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WOODSTOCK

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Hartland to explore options with Sumner Falls Town Park

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Girls hockey team moves to first place with win on Saturday

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Kelley wins Fisk Trophy Race, women race for the first time

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Covered Bridges Half Marathon to be virtual this year

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Boys hockey defeated Spaulding High 5-2

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Former PTO treasurer pleads not guilty to embezzlement

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COVID-19 vaccinations available Monday for age 65+

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Two injured in snowmobile accident

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Fran Milo

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Ronald "Ron" Richard Keller

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News

Hartland to explore options with Sumner Falls Town Park

The Hartland Conservation Commission is beginning to work on a land management plan for the Sumner Falls Town Park. This 55-acre parcel was deeded to the Town in 2010.

“It has been a great recreation spot for a long time; but we have not taken a comprehensive look at the land for nearly a decade. Part of our management plan will be to see how people are currently using the property, what they like about it, and how it might be improved. Hence my call for public feedback. Usually these plans look at how to manage the land over the next ten years,” said Rob Anderegg, chair of the Conservation Commission.

“The management plan and whatever recommendations made would need to be approved by the Selectboard before anything could be implemented,” he continued.

People can continue to comment by email to the Commission at ccommission@hartlandvt.org or posted to the Conservation Commission Facebook page.

Read more in the March 4 issue of the Vermont Standard.

Covered Bridges Half Marathon to be virtual this year

The Covered Bridges Half Marathon (CBHM) is going virtual. Race directors Nancy Nutile-McMenemy and Mike Silverman have been closely monitoring the State of Vermont’s response to the COVID-19 pandemic. While statewide vaccinations have begun, the race directors and race committee members stated they do not feel that enough people will be vaccinated in time to hold the race safely the first Sunday in June.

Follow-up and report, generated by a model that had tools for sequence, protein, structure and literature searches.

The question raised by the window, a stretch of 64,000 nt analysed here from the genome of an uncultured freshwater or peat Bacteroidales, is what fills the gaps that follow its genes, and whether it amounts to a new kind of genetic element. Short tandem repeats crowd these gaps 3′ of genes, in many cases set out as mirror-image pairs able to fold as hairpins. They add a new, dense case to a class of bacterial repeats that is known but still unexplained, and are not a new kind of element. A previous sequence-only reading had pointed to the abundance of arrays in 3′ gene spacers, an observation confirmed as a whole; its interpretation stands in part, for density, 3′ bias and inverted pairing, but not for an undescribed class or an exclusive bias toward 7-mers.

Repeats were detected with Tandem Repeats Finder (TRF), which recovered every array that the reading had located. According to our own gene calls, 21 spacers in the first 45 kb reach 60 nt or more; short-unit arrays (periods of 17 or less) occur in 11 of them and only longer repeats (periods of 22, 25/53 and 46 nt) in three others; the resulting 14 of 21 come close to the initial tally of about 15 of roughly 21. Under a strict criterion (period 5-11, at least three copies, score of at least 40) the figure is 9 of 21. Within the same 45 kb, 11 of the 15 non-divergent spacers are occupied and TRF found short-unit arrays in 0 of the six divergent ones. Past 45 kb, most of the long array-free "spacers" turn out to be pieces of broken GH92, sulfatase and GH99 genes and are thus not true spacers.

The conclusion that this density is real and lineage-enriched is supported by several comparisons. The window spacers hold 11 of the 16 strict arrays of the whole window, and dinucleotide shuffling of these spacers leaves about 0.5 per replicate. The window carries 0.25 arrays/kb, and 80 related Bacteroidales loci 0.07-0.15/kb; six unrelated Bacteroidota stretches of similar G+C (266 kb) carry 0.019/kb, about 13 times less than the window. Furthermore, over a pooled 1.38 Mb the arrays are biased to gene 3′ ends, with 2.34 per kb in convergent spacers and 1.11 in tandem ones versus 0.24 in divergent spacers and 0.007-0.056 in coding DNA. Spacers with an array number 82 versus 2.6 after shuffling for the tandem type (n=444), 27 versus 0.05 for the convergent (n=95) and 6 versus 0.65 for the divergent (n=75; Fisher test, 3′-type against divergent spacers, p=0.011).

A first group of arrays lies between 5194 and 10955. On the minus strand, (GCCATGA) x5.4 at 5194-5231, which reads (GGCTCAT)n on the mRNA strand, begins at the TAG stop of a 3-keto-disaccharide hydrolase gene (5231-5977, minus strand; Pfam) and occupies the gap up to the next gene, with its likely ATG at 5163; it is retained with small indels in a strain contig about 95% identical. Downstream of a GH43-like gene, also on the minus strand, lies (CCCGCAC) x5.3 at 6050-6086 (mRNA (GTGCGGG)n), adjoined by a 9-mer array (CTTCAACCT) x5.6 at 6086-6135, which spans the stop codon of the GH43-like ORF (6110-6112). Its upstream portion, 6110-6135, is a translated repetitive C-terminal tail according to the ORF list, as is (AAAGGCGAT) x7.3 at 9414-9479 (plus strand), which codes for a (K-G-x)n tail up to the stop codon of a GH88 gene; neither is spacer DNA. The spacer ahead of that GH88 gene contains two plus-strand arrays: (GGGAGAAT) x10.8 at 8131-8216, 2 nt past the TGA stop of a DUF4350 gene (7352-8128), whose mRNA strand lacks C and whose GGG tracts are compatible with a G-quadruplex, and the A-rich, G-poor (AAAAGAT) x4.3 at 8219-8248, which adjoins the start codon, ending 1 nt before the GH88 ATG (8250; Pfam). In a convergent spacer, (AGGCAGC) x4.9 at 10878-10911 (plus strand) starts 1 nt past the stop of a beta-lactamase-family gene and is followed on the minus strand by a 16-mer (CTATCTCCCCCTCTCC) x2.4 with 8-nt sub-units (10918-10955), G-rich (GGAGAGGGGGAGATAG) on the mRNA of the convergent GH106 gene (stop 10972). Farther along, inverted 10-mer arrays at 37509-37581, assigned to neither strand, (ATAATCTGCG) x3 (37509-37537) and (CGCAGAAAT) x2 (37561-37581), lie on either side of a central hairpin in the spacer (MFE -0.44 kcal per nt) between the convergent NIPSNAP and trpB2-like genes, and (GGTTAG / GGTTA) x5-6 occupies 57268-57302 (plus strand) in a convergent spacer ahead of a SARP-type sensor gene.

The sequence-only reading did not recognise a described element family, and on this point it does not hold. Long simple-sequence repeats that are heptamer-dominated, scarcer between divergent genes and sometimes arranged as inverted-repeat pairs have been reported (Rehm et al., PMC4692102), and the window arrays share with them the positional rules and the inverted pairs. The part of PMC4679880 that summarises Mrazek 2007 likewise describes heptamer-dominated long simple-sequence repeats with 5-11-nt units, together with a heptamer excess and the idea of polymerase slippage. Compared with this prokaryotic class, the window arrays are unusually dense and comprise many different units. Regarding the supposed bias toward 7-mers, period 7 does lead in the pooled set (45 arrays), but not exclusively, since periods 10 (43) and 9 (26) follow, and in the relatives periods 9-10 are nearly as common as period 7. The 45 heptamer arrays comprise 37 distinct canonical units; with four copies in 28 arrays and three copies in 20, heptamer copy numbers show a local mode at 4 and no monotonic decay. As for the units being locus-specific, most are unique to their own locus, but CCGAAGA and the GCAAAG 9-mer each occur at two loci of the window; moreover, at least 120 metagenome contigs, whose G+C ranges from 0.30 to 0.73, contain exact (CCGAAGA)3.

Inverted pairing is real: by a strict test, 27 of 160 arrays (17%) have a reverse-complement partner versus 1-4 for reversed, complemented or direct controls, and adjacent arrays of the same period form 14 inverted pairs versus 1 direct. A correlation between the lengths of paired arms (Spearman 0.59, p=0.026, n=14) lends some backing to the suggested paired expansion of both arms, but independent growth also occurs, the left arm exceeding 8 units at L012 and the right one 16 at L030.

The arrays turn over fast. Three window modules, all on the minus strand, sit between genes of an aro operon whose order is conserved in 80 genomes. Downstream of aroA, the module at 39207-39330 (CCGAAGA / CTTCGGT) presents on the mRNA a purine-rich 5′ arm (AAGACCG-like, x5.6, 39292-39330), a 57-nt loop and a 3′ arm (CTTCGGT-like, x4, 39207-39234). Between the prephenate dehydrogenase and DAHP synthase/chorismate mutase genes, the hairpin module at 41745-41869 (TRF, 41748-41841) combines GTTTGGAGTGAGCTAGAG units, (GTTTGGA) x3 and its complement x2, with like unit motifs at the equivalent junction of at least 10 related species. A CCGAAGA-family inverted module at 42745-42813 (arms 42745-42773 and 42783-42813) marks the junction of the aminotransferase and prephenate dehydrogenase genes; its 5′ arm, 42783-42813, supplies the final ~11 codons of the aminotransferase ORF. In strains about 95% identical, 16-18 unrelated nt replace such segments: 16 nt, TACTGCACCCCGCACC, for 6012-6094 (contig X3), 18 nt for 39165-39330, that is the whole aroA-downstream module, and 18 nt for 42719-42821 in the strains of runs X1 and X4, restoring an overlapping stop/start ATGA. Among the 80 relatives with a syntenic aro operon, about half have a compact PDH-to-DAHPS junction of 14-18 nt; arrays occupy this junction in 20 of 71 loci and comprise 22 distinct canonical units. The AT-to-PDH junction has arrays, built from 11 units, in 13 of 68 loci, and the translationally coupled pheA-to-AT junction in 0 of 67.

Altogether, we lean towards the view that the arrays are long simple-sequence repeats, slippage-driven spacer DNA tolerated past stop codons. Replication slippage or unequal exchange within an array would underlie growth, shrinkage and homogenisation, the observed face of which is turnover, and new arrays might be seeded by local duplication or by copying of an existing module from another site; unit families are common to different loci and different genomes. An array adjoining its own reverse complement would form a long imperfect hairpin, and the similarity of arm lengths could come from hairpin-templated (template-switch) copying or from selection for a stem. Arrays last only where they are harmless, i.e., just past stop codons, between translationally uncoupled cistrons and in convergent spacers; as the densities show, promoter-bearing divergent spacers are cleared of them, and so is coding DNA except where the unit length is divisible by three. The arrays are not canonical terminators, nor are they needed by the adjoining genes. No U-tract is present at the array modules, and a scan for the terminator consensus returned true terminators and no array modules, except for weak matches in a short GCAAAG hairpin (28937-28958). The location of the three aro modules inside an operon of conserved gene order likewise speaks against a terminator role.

According to organizers, mitigation procedures such as masking and physical distancing will still be in effect and trying to keep 2,000 runners properly distanced will completely change the character of they race. And they are also concerned that there would be enough lodging available to host everyone.

For more information, read the March 4 issue of the Vermont Standard.

Former PTO treasurer pleads not guilty to embezzlement

The former treasurer of the Reading Elementary School Parent Teacher Organization (RES-PTO) pleaded not guilty Tuesday to embezzlement charges. Wade Mullins, 37, of Hartford, entered the not guilty plea at his virtual arraignment in Windsor County Criminal Court. He was accompanied by his defense attorney Brian Marsciovetere of White River Junction.

The criminal complaint alleges that Mullins embezzled $10,000 in PTO funds in his former capacity as treasurer.

A judge issued several conditions that Mullins must follow as part of a release agreement, including that he be present at all future court hearings and maintain accurate contact information, and that he stay away from four witnesses in the case. He has until March 1 to sign the document.

Read more in the Feb. 25 issue of the Vermont Standard.

Two injured in snowmobile accident

Woodstock

Two snowmobile riders were injured while operating their snowmobiles in a heavily wooded trail system in West Woodstock Saturday afternoon.

Woodstock Fire/EMS Chief David Green said the victims were a father and son, both of whom sustained “serious injuries.”

One of the victims managed to place an emergency cell phone call at 4 p.m. A team of around 15 searchers located both parties about a mile and a half inside the trail system using GPS about 4:40 p.m.

“They were a little bit over an embankment. It took us about half an hour to find them,” Green said.

The search included a pair of four-wheel all-terrain vehicles from Woodstock and Bridgewater, he said.

One of the victims was taken by ambulance to Dartmouth Hitchcock Medical Center. The names and conditions of both victims are not being released due to federal privacy laws, Green said.

Read more in the Feb. 25 issue of the Vermont Standard.

Coronavirus

COVID-19 vaccinations available Monday for age 65+

On Tuesday morning, Governor Phil Scott and state health and human services officials also announced the next stage in the statewide COVID-19 vaccination program. Vermonters age 65 and older can register to receive the coronavirus vaccine beginning at 8:15 a.m. this coming Monday, March 1.